“China’s aggressiveness in the West Philippine Sea and inside our own territory is largely a product of the so-called ‘soft landing’ and ‘pivot to China’ foreign policies of the Duterte administration since 2016,” he said.
He proposed three concrete measures to accompany the president’s policy statement: the deployment of more troops to Kalayaan Islands, more Philippine Coast Guard ships to disputed areas, and the rehabilitation of the Pag-asa Island airstrip at the soonest possible time.
The European Union (EU), New Zealand and the United Kingdom have also added their voices to those condemning China over the Ayungin incident.
New Zealand Ambassador Peter Kell, in a post on Twitter, said respect for international law, especially the Unclos, and compliance with the 2016 arbitral ruling were vital for a peaceful and secure Indo-Pacific.
Amanda Milling, the United Kingdom’s minister for Asia, also expressed concern over the incident.
“Pleased to reaffirm the importance the UK attaches to Unclos and a stable, prosperous South China Sea. I am concerned by recent incidents that have raised tensions and urge against actions that hinder the peaceful settlement of disputes,” she said on Twitter.
The EU, on the other hand, said the incident “follows other unilateral actions by vessels of the People’s Republic of China in the South China Sea over the past months.”
“The European Union reiterates its strong opposition to any unilateral actions that endanger peace, security and stability in the region,” EU spokesperson for Foreign Affairs and Security Policy Nabila Massrali said in a statement.
National security adviser and national task force for the West Philippine Sea Chair Hermogenes Esperon Jr. pushed for an automatic trigger to the Philippines’ mutual defense treaty (MDT) with the United States.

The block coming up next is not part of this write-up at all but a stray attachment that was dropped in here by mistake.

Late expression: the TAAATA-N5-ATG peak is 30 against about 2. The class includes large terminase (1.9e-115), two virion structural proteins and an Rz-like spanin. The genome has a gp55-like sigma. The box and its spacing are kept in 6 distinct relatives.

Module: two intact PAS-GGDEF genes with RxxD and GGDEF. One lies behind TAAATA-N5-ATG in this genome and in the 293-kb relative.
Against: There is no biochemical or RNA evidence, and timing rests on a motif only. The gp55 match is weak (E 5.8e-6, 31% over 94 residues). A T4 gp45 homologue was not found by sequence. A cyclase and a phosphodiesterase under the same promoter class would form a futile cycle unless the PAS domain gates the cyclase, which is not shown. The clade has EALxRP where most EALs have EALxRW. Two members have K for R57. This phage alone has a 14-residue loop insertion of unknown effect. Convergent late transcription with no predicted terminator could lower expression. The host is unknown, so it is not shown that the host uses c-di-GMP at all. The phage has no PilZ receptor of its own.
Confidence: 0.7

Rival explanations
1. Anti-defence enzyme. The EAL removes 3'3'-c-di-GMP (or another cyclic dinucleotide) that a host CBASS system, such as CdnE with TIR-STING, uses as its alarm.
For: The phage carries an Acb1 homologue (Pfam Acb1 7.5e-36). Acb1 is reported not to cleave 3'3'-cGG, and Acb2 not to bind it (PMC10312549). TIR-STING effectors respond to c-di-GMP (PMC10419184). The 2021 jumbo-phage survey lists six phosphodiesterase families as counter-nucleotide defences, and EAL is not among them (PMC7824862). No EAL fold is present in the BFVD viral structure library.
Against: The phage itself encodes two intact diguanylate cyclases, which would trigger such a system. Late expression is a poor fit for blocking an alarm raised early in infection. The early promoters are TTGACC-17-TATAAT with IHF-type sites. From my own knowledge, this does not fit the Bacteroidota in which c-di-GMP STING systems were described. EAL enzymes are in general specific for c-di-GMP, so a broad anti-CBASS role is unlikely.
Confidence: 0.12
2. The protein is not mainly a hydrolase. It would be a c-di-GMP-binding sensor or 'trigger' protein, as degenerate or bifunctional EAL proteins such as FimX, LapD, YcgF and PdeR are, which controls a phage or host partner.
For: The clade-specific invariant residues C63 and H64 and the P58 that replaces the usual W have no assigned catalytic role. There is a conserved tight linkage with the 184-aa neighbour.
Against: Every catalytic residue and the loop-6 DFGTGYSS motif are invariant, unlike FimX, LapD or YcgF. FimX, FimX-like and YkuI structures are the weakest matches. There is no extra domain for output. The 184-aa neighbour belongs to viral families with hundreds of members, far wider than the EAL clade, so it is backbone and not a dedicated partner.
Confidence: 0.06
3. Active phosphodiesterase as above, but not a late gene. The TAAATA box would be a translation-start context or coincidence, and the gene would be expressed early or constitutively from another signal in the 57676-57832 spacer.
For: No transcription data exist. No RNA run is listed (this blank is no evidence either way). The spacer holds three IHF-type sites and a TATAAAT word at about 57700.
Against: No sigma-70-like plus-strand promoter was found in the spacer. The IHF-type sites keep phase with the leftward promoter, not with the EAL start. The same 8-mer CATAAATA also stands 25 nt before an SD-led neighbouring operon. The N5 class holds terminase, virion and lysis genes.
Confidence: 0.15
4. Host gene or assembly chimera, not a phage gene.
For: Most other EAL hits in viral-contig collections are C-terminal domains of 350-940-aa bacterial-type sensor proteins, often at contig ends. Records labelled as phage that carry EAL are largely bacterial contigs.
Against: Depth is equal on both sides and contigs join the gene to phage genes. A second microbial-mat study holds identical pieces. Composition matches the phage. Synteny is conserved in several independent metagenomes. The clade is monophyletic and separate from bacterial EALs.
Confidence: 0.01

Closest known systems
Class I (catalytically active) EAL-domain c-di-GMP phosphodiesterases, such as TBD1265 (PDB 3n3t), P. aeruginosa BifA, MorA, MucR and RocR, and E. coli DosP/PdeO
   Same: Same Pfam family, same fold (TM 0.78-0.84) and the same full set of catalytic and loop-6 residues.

In an interview aired Monday at radio station dzBB, Esperon said the MDT could be triggered only with the approval of the US Congress.
Esperon, however, said that the Philippines could not also act recklessly in terms of asserting its sovereign rights on the West Philippine Sea.
“Let’s remember that our relations with China do not start and end with the South China Sea or West Philippine Sea. We have cultural ties, economic, defense, tourism,” Esperon pointed out.
Duterte also said in his speech that China deserved its status as the Asean’s comprehensive strategic partner, underlining the depth and breadth of its 30-year partnership with the regional bloc.
He pointed to China’s timely provision to the Asean of much-needed COVID-19 vaccines and medical supplies to address the pandemic as nations scramble to contain it.
China, he added, was also the first Asean Dialogue Partner to engage the regional grouping in addressing the pandemic.
Among those who joined the president during the special summit were Foreign Affairs Secretary Teodoro Locsin Jr. and Trade Secretary Ramon Lopez.
—WITH REPORTS FROM JEANNETTE I. ANDRADE AND REUTERS